1. 'Nebraska' gets to the heart of Bruce Dern's prickly old geezer, Woody Grant, by way of a road trip across Montana and Nebraska, shot in radiant black-and-white. (Here again one of the movie's stars is its cinematographer, Phedon Papamichael.) Alexander Payne directed, flawlessly, from Bob Nelson's stellar script, which is all about thwarted love, and reconciliation, between Woody and his son Will; he's played with painfully quiet eloquence by Will Forte. Here's the American heartland as it's seldom portrayed on screen, with humor and almost palpable fondness.
3. IMD participants praised the way their training pushed them out of their comfort zones and also the one-on-one coaching sessions tailored to their individual business situations. “It was an eye opener about what a good leader is,” commented one participant. “We learnt about ourselves first, what drives us and why, in order to manage others.”
3. The job market faces challenges. Some five million Americans have been out of work for six months, raising the risk their skills will erode and make it even harder for them to find jobs down the road. And fears of slowing revenue growth could keep a lid on hiring by companies. About 36% of U.S. executives expect the head count at their firm to fall, according to an October survey by advisory firm CEB, compared with 29% who said that during the summer.[qh]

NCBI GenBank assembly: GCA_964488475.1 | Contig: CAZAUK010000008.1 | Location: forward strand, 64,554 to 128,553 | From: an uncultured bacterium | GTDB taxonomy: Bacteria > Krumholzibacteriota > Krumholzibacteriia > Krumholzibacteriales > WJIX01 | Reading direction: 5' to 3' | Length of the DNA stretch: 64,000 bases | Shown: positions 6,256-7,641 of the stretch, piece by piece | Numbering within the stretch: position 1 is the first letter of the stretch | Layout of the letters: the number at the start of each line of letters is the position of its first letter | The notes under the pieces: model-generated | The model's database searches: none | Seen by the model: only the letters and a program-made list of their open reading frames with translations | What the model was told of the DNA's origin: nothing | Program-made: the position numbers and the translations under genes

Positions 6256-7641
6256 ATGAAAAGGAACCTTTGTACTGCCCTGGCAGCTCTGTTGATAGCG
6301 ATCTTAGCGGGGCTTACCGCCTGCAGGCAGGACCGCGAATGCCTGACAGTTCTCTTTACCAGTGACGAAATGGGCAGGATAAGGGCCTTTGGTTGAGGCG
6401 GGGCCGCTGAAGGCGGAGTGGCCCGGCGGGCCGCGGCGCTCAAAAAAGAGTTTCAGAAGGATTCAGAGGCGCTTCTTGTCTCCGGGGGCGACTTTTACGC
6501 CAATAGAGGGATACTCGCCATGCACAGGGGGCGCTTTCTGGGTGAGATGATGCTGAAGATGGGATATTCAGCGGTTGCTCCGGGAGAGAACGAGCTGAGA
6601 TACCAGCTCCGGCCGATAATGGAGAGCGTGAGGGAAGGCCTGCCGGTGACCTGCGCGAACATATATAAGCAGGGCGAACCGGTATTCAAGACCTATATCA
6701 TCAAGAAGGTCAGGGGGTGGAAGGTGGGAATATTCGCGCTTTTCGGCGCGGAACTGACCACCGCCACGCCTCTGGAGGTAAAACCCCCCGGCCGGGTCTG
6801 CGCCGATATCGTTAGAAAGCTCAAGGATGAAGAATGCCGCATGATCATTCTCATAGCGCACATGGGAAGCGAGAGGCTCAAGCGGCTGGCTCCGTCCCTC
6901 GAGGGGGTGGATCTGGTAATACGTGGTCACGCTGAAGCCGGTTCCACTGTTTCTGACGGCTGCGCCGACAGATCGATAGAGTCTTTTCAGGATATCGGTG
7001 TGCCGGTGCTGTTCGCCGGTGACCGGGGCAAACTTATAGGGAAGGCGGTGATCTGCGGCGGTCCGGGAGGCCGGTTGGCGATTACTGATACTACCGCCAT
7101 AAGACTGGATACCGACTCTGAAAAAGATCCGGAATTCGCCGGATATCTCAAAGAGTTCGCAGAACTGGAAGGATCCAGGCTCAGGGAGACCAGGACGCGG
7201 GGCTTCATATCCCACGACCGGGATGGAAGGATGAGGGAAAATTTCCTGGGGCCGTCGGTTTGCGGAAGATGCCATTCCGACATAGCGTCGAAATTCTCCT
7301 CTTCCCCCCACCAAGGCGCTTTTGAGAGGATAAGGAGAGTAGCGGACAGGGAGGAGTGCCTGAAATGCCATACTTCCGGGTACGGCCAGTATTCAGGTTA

Change is also under way at Bain & Company, which announced in November that Manny Maceda will become its global leader in March, the first of Asian heritage, and taking the reins of the Boston-based consultancy from Bob Bechek. Experts say Mr Maceda could be instrumental in helping the firm carve out new areas of expertise and edge away from its reputation as a generalist provider.
In this April 24, 1984, file photo, from left, Steve Jobs, chairman of Apple Computers, John Sculley, president and CEO, and Steve Wozniak, co-founder of Apple, unveil the new Apple IIc computer in San Francisco